Competitiveness and Innovation

IntelliJam: a fast ride through the past and future of corporate intelligence

24 Nov 2010  

I speak often with Eric Garland, a leading futurist, thinker, and blogger.  We typically have a free-ranging and—to us, at least—entertaining and enlightening conversation.

This time he recorded it.  Here are some of the notes we hit:

  • Businesses have always wanted and needed to know about each other’s activities.  Until the 20th century, this was mostly handled by direct conversations among business leaders.
  • The conditions that created the need for modern competitive intelligence in the US began to be laid by the anti-trust legislation of the early 20th century.  When businesses were legally prevented from sharing information, they had to devise some other way to obtain it.

  • The mid-century rise of TV as a business force gave rise to one of the immediate predecessors of competitive intelligence – market research.  Companies needed structured information about the world outside their borders, so they could increase the return on their advertising spending.
  • Another immediate predecessor of CI – financial securities research – was pioneered by Merrill Lynch and flourished during the latter half of the 20th century.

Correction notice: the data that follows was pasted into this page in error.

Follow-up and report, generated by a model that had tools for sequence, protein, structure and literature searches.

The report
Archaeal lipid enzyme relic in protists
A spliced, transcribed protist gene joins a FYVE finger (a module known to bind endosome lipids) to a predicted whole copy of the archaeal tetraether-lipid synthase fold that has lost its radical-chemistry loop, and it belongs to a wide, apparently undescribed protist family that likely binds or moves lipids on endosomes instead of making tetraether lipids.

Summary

• Corporate intelligence was first organized as a discipline in the mid-1980s, when the post-World War II world dominance by US business began to be challenged by Japan.  What was originally called the Society of Competitor Intelligence Professionals was soon amended to the Society of Competitive I.P. (the “-ive” implying a more global approach), and is now the Strategic and C.I.P.
  • Since the 1990s, data collection has become much easier, thanks mainly to the Internet. So easy, in fact, that the primary problem now is one of determining, of the massive amounts of data, what has relevance to the job of business—creating value for shareholders, customer, employees, and other constituents.
  • The Internet and other information technologies have vastly expanded our reach over information, but also can leave us without an organic connection to what it actually means for our organization.  Companies like Procter and Gamble have actively fought the tendency of their managers to sit behind walls of abstract information.
  • Knowledge producers (business analysts) and knowledge users (decision makers) are often separated by a cultural and professional gulf or barrier.  Bridging these barriers is one of the primary challenges of intelligence professionals.